60. J. D. Coleman, “Correspondence,” Géotechnique, vol. 12, no. 4, pp. 348–350, 1962. View at: Publisher Site | Google Scholar
  61. D. G. Fredlund and N. R. Morgenstern, “Stress state variables for unsaturated soils,” Journal of Geotechnical and Geoenvironmental Engineering, vol. 103, 1977. View at: Publisher Site | Google Scholar
  62. J. E. B. Jennings and J. B. Burland, “Limitations to the use of effective stresses in partly saturated soils,” Géotechnique, vol. 12, no. 2, pp. 125–144, 1962. View at: Publisher Site | Google Scholar
  63. W. Dunlap, A Report on a Mathematical Model Describing the Deformation, Texas Transportation Institute, Texas A&M University, College Station, TX, USA, 1963.
  64. R. F. Pezo, “A general method of reporting resilient modulus tests of soils, a pavement engineer’s point of view,” in Proceedings of the 72nd Annual Meeting of the TRB, Washington, DC, USA, January 1993. View at: Google Scholar
  65. N. Garg and M. R. Thompson, “Triaxial characterization of Minnesota road research project granular materials,” Transportation Research Record: Journal of the Transportation Research Board, vol. 1577, no. 1, pp. 27–36, 1997. View at: Publisher Site | Google Scholar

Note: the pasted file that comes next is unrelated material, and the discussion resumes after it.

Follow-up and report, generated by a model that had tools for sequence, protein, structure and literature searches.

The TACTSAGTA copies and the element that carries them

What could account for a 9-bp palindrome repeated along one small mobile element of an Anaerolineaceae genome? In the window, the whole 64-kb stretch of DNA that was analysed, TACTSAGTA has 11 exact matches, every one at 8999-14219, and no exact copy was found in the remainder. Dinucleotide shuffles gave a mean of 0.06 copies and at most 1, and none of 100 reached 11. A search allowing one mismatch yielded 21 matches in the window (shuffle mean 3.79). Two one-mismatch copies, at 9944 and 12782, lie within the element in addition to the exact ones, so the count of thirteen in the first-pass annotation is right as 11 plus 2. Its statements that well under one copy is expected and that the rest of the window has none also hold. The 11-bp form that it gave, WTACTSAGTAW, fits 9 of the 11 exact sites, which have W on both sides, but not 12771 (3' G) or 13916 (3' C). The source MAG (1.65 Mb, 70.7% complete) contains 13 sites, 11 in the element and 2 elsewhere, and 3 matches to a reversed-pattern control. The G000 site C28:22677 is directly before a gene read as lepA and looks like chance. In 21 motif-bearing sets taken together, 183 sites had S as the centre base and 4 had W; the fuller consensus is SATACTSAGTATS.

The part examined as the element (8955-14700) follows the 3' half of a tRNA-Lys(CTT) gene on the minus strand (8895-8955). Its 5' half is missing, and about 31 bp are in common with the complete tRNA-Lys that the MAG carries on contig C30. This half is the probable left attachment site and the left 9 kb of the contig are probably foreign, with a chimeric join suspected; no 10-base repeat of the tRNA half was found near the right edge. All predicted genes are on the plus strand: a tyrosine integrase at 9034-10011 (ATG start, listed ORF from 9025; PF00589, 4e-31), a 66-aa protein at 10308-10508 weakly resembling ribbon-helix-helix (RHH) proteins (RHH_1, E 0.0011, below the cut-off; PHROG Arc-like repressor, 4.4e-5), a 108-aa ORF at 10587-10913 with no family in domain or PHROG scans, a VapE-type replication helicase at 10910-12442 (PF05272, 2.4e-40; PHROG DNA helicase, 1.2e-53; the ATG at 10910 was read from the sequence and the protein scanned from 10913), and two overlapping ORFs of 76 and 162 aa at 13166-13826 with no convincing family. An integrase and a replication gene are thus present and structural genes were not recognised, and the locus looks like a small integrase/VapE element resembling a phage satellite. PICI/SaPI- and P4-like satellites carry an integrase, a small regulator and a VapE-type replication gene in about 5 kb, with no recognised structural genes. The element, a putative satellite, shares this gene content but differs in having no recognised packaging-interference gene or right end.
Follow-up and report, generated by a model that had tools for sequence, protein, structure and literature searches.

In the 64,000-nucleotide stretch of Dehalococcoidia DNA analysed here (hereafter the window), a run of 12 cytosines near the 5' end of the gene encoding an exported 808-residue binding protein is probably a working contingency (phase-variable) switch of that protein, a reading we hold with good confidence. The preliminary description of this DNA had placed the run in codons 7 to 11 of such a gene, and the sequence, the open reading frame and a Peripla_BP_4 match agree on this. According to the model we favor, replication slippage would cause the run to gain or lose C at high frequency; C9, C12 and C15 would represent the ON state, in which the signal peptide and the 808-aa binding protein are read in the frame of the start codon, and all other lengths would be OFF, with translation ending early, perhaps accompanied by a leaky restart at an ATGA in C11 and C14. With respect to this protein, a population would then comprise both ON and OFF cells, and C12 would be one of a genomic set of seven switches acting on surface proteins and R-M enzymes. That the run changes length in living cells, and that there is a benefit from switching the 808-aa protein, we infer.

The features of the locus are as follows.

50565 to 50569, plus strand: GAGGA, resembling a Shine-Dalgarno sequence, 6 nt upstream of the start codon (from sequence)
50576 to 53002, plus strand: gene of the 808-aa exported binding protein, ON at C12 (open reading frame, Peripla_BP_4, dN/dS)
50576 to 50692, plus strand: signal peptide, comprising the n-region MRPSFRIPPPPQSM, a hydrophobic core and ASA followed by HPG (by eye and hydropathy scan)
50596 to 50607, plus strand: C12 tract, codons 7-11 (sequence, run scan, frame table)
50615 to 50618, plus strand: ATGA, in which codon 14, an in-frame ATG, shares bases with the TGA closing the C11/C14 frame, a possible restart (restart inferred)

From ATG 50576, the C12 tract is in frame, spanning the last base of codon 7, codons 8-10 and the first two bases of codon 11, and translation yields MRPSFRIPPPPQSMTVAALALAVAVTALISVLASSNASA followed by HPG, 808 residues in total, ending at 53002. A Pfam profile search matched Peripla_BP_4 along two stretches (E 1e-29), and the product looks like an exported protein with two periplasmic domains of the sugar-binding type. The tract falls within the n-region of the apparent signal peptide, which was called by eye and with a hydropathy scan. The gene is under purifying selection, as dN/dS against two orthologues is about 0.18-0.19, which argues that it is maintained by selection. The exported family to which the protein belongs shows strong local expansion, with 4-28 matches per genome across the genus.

66. W. Tam and S. Brown, “Back-analyzed elastic stiffnesses: comparison between different evaluation procedures,” in Nondestructive Testing of Pavements and Backcalculation of Moduli, ASTM International, West Conshohocken, PA, USA, 1989. View at: Publisher Site | Google Scholar
  67. R. G. Hicks and C. L. Monismith, “Factors influencing the resilient response of granular materials,” Highway Research Record, vol. 345, pp. 15–31, 1971. View at: Google Scholar
  68. M. Karasahin, A. Dawson, and J. Holden, “Applicability of resilient constitutive models of granular material for unbound base layers,” Transportation research record, vol. 1406, 1993. View at: Google Scholar
  69. J. W. Pappin, Characteristics of a Granular Material for Pavement Analysis, University of Nottingham, Nottingham, UK, 1979.
  70. H. Boyce, “A nonlinear model for the elastic behaviour of granular materials under repeated loading'',” in Proceedings of the International Symposium on Soils under Cyclic and Transient Loading, Balkema PubI, Swansea, Wales, January 1980. View at: Google Scholar